Beauty Clinic: should a manicurist cut my cuticles?
Q. Should I let my beauty therapist cut my cuticles? She says this is fine but I have heard it is not a good idea. A. It’s a straight ‘No’ to this. Professionals from dermatologists to manicurists are clear about it. In fact, if you ask the legendary US manicurist Deborah Lippmann (who looks after so many A-listers we’ve run out of fingers to count them on), she all buts faints at the thought.
Cuticles are part of your skin and sit on top of your nail matrix - the part that grows - to protect it. In fact, dermatologists says that cutting your cuticles can lead to nail problems including ridges, and white spots or lines. What’s more, if you remove the cuticle, you take away the barrier that stops infective agents or irritants whizzing in. Not to mention you risk getting blood everywhere…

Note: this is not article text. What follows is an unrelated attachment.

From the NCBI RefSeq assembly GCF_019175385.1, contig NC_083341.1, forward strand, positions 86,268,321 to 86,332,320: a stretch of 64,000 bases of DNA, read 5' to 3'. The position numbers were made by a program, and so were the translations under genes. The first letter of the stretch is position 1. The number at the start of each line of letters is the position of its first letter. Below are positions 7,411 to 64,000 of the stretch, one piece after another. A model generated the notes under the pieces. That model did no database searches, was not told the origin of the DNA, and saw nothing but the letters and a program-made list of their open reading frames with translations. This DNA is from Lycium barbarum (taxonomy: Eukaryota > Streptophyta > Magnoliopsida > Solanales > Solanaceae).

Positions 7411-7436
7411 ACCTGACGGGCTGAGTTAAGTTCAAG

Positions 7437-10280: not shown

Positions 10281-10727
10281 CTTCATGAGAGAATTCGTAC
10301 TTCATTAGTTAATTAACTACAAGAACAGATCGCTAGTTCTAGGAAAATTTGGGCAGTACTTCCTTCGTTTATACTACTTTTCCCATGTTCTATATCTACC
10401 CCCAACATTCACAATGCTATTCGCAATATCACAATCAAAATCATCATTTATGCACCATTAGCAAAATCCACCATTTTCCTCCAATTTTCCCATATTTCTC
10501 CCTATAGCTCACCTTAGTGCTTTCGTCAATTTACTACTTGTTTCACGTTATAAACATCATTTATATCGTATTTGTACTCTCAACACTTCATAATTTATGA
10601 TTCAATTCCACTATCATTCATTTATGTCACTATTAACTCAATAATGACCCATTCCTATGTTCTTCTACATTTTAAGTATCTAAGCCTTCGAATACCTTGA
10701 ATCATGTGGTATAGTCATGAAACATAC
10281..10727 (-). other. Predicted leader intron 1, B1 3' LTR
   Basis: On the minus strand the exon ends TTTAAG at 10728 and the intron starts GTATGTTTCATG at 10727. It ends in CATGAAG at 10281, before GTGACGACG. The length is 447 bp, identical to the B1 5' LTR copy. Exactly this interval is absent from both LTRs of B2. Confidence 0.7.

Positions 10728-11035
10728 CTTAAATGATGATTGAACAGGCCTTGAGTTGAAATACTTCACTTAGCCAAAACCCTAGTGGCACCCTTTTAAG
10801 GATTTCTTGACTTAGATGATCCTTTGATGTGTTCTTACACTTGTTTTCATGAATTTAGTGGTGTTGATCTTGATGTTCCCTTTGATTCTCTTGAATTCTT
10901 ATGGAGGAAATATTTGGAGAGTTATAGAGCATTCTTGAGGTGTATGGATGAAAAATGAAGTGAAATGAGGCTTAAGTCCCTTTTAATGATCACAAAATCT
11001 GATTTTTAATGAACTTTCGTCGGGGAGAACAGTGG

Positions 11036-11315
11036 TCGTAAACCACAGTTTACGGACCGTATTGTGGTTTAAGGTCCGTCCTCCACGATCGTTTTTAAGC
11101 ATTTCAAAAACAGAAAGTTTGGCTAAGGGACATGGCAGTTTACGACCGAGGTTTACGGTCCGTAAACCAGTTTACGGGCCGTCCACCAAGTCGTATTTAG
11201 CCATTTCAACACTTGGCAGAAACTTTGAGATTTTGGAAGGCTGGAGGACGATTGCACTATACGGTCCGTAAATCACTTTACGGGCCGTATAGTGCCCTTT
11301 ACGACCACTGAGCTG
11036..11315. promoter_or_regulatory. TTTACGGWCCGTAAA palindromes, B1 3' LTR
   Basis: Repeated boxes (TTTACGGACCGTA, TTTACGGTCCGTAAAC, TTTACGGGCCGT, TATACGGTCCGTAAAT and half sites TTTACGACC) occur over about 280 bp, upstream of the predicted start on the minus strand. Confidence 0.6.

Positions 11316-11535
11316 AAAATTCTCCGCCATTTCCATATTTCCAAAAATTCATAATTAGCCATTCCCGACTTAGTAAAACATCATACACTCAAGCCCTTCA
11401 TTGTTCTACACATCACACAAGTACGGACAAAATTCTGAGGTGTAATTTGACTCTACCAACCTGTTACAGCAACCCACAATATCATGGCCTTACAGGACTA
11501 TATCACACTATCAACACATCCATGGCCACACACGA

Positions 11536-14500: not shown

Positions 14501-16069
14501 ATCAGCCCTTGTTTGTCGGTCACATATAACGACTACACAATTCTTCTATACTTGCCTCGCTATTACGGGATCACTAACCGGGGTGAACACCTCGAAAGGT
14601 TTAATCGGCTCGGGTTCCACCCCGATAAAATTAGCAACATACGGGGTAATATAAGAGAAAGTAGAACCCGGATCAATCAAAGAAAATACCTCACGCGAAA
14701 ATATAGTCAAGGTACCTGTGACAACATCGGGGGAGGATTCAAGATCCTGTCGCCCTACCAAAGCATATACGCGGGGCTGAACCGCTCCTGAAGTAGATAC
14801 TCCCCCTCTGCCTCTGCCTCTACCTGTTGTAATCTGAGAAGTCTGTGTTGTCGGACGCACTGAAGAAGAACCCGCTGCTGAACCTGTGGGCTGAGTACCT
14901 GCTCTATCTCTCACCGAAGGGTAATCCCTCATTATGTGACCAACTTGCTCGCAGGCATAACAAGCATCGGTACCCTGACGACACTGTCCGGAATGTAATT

The only thing you are permitted to snip is a hangnail – the teeny bits of skin that are unattractive and can be painful if snagged.
If you want to push your cuticles back to tidy up your nails and make them look longer, wind a strand of cotton wool round an orange stick and very gently push back. You can also buy inexpensive rubber ‘hoof sticks’ that do the job neatly.
It’s important to keep your cuticles nourished and soft. Deborah Lippmann’s award-winning The Cure, ultra-nourishing cuticle repair cream, £18 for 15 ml at www.selfridges.com, is one of our favourites. In fact, we highly recommend springing for her Cuticle Lab collection, which also contains Cuticle Oil, Cuticle Remover, The Pusher plus a step-by-step guide, £35, available in store at Harrods.